This past Sunday I was visiting a friend. She had a bag of popcorn on her kitchen table and I asked her if I could have it.
I took the bag of popcorn home, but realised I didn’t have a microwave. I had been meaning to buy one recently, but just hadn’t gotten around to it.
The weather was bad and I didn’t want to go out and get one so I decided to try out a new app called WunWun.WunWun stands for “Whatever You Need Whenever You Need It.” The 24-hour fulfillment service was born from CEO Lee Hnetinka’s idea to create an on-demand service for anything. That was late last year.
Fast forward to today: Hnetinka has a six-person staff helping him run the startup.
And it really does work. WunWun employs real people who will run errands for you. It’s only available for Manhattan residents right now.
On Sunday, I entered my request through the app and within minutes I received a text message from the WunWun helper that was assigned to me, Zora:
Because I didn’t specify a type of microwave or a place to get it from, Zora suggested Best Buy.
I looked up a a microwave online and asked her to see if she could find that one.
About 20 minutes later, I got a text from Zora with a photo of the available microwaves. I selected the one I wanted, she bought it, and Zora arrived at my house about 20 minutes later with my new microwave.
Overall the experience was seamless. I didn’t leave my couch but got exactly what I wanted, and fast.
With WunWun you download an iPhone app, enter your credit card information, address, and a few other pieces of basic information, then you enter a request.
(WunWun is currently invitation-only, but if you’re itching to try out the service, WunWun is giving Business Insider readers a way to jump the waiting list. By clicking this link, you’ll get instant access and a $15 credit to try WunWun out. Remember: WunWun currently only works in Manhattan.)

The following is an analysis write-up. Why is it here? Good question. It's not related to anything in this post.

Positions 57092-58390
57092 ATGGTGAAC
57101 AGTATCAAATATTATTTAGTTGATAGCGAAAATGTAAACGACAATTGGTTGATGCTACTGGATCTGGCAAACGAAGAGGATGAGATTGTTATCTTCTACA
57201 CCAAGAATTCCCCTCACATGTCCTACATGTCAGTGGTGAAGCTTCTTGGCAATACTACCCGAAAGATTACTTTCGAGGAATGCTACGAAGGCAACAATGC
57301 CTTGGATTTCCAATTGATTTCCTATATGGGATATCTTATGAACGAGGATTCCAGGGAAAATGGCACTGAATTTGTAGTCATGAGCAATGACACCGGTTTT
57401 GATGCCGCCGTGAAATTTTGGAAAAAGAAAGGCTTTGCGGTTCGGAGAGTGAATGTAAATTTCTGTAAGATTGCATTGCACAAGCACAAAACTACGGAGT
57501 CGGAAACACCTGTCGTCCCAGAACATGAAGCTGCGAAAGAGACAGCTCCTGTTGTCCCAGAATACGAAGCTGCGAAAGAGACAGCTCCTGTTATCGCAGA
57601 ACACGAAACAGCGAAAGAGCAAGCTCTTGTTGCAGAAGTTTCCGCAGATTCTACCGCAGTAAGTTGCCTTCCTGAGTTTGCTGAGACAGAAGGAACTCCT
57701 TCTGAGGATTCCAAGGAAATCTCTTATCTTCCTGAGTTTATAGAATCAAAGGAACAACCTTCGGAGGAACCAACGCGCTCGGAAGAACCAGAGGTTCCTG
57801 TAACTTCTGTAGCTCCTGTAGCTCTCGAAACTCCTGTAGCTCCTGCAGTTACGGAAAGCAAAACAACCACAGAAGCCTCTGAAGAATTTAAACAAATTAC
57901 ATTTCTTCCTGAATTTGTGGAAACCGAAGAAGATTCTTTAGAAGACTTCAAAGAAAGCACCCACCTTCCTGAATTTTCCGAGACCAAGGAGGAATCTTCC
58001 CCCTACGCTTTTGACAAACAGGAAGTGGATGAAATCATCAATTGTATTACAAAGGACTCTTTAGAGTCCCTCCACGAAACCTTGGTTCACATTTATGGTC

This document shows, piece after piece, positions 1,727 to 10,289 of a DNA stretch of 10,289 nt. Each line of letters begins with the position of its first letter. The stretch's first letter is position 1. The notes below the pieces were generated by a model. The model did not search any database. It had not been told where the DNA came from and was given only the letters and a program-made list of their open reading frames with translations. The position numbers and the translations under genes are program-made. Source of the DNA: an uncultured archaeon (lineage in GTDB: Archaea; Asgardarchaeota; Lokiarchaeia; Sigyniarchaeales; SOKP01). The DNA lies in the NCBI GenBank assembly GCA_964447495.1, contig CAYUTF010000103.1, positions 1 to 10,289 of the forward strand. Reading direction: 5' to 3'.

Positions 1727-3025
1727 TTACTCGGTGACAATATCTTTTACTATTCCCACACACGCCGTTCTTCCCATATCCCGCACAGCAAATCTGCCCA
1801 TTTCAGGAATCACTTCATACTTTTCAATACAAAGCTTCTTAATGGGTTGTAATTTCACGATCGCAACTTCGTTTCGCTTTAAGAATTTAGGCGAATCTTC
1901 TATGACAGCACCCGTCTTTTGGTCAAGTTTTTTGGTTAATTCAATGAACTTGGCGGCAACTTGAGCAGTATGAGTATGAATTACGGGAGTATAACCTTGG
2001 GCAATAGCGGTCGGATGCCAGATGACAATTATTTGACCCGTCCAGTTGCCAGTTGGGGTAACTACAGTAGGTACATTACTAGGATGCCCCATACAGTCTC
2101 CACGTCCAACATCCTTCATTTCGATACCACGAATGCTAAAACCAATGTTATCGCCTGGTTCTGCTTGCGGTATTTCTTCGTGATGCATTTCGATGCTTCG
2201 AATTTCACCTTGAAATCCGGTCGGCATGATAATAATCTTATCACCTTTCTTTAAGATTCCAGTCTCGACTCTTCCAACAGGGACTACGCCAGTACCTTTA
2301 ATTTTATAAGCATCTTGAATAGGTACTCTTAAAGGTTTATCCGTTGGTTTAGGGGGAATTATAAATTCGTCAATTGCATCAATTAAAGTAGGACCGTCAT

WunWun is a hat tip to the buzzy-but-failed startup, Kozmo.com. Kozmo was a web courier service that shuttered in 2001, four years after it was introduced.
Kozmo promised to deliver just about anything you wanted in about an hour. The company sold brand-name products from its own distribution centres (something WunWun doesn’t do). Kozmo’s then-CEO cited expanding too quickly into too many markets as one of the biggest reasons for its failure.
That’s a lesson Hnetinka is taking to heart.
“Our plan for expansion is to own Manhattan,” Hnetinka said. “Once we are at a point where we feel Manhattan is ours and sort of ubiquitous we’ll move to other places.”
WunWun takes the best from Kozmo and another popular service called Postmates, which is available in New York, San Francisco, and Seattle. But Hnetinka is making sure he avoids Kozmo’s mistakes by slowing his expansion.
“We’re more into the fulfillment business rather than just a delivery service,” Hnetinka said.
You’re charged a $15 flat fee for any delivery, plus the price of the merchandise.
Users can also request helpers to stand in line for concert tickets, clean up after a party, or put furniture together.
The company is always looking for new helpers and you can check out job opportunities at wunwun.com/jobs.
WunWun is available for iPhone for free. If you want to check out the service for yourself, the company is letting Business Insider readers skip the waiting list plus a free $15 credit. Sign up for the app by clicking here
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